TORONTO — The traditionally close relationship between Canada and the United States has been weakened in recent months, strained by political considerations on both sides of the border as well as increasingly different views of world problems.
The relationship is not in danger of rupture but Canadian officials and private experts say the situation is much different than it was two years ago when Prime Minister Brian Mulroney campaigned on a pro-American platform and promised "to give the United States the benefit of the doubt" in foreign affairs, something U.S. officials said was missing in the policies of Prime Minister Pierre Elliott Trudeau.
Two years ago, Mulroney and President Reagan sang "When Irish Eyes Are Smiling," and the President called the prime minister "Kid," adding, "Remember, Brian, I'm just a telephone call away."
Although the State Department says Reagan still talks to Mulroney more than to any other foreign leader, the conversations are increasingly troubled and, from the Canadian point of view, disappointing.
"We call, but mostly what we get back are condescending words about political problems in the States," an aide to the prime minister said recently in connection with Mulroney complaints about U.S. actions seen as damaging to Canada.
The complaints mostly concern trade policy. First was Reagan's approval of a heavy tariff on Canadian wood products, a decision that threatened the jobs of 4,000 workers in British Columbia and millions of dollars in lumber sales.
Mulroney called the decision "bizarre," and all but accused Reagan of breaking a promise not to take unilateral action in trade matters.
Canada is also upset by U.S. farm legislation because it drove down the world price of wheat and other food grains at a time when Canadian farmers are facing their worst year since the Great Depression of the 1930s.
Canadian concern was sharpened last month when Reagan approved the sale of subsidized wheat to the Soviet Union at prices Canada cannot possibly match. Mulroney protested but was rebuffed.
"The Americans told us the sale was necessary to head off worse protectionist measures in Congress and to help out farm-belt Republicans," the Mulroney aide said. "But they don't ever seem to realize that we have political problems here, too." Indeed, Mulroney has political problems much worse than Reagan's. Recent polls indicate that the prime minister and his Progressive Conservative government are supported by barely 30% of the country and would easily lose an election.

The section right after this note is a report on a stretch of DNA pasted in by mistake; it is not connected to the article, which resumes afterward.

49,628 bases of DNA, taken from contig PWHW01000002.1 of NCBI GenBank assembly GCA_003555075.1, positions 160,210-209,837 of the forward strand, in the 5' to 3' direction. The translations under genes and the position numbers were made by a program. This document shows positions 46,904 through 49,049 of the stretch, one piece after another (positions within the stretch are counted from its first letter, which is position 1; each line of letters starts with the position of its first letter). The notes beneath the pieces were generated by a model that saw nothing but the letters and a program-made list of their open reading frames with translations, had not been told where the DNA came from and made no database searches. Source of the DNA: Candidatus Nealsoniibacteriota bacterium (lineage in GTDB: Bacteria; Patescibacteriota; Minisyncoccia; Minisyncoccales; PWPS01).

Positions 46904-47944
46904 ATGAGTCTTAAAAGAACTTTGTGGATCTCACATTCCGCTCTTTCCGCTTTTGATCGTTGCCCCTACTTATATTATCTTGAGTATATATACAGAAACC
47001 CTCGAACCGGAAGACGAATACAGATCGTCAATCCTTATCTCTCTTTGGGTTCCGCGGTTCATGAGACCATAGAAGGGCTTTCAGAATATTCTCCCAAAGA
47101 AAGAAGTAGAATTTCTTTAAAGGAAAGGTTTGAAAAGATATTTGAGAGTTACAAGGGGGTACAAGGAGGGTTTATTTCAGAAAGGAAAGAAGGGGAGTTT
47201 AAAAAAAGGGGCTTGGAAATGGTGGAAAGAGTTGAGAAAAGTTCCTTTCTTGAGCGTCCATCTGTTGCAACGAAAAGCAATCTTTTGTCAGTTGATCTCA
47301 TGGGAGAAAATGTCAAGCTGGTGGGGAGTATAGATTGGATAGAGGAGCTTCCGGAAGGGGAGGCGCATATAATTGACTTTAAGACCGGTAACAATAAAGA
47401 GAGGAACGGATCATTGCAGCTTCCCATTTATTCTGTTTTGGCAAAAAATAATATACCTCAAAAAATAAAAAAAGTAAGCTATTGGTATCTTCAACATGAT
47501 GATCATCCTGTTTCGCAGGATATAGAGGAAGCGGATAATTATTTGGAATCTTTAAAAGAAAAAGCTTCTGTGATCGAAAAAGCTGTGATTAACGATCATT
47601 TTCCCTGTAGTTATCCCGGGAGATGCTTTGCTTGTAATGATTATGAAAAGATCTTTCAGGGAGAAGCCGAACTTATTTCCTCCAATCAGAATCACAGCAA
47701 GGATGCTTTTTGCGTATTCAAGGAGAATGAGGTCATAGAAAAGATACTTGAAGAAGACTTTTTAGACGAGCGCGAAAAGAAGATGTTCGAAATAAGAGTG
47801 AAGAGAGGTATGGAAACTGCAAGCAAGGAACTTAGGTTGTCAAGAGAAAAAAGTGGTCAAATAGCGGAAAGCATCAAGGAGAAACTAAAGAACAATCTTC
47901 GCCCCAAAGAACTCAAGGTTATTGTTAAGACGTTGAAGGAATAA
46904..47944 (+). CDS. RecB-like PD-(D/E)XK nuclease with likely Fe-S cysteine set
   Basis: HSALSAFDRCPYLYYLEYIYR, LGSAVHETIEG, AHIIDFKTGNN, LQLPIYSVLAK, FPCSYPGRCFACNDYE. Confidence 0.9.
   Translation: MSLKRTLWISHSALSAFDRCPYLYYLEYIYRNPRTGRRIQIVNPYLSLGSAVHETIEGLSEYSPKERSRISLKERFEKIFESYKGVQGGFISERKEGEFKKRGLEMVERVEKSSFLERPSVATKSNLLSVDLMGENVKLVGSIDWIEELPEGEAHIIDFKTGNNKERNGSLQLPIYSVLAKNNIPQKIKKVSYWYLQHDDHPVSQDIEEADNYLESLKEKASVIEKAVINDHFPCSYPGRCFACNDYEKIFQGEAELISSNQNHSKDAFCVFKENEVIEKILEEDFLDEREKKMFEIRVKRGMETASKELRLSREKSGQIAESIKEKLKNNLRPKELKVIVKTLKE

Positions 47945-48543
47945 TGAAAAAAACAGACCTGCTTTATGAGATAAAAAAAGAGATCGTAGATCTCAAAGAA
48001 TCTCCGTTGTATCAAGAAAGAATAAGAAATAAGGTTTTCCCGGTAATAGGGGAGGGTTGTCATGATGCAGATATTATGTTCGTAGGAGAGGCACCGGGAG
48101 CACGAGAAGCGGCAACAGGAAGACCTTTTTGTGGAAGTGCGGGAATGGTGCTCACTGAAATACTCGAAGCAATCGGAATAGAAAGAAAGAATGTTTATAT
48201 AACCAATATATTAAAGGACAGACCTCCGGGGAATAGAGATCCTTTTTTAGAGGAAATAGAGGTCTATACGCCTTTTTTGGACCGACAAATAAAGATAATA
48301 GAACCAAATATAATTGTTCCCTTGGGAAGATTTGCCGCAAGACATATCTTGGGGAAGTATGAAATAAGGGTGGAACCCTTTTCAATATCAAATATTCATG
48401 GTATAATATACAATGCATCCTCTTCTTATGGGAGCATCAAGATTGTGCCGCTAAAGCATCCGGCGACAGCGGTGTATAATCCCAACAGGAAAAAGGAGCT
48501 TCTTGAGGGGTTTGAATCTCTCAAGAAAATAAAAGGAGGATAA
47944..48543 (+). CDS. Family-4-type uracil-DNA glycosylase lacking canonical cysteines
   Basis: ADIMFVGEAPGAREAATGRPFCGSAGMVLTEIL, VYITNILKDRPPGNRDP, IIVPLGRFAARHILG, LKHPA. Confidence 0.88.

The indifferent U.S. attitude is particularly galling because Mulroney's major economic policy is to negotiate a free-trade agreement with Washington, an agreement that he promises will pull his country out of its continuing economic troubles. The issue has always been volatile here, and the political opposition has been hammering the government with charges that it is selling out Canada's cultural and political sovereignty to a country that has no use for Canada except as a marketplace.
Mulroney is also unhappy with slow U.S. implementation of an agreement to limit atmospheric emissions of sulfur that drift from U.S. plants into Canada and cause severe environmental damage through acid rain. Again, Canadian officials say, Reagan blames the delays on political problems caused by senators and congressmen from states economically dependent on the industries that cause the emissions. But the weakening of the relationship is not as one-sided as the Canadians indicate. Discussing the trade problem, Canadians generally overlook that Mulroney proposed the negotiations and that an agreement will benefit Canada far more than the United States, which sends only 20% of its exports across the border. Canada, on the other hand, sells nearly 80% of its exports to Americans.
Administration officials express gratitude to Mulroney as an ally, but are upset by Canadian votes at the United Nations, which go against the United States on about a third of the arms-control proposals. Mulroney and Joe Clark, the minister for external affairs, have both publicly criticized Reagan's stated intent to drop adherence to terms of the second Strategic Arms Limitation agreement and to abrogate the Anti-Ballistic Missile Treaty limiting systems designed to defend U.S. and Soviet cities against nuclear attacks.
Canada has refrained from directly criticizing Reagan's refusal to punish South Africa for its racial policies, but it has endorsed the economic sanctions that Reagan dislikes and has even threatened to break diplomatic relations with South Africa, a step far beyond U.S. policy. Mulroney's government also declines to go along with Reagan's anti-Sandinista drive in Nicaragua and has regularly criticized the U.S.-supported governments in El Salvador and Guatemala.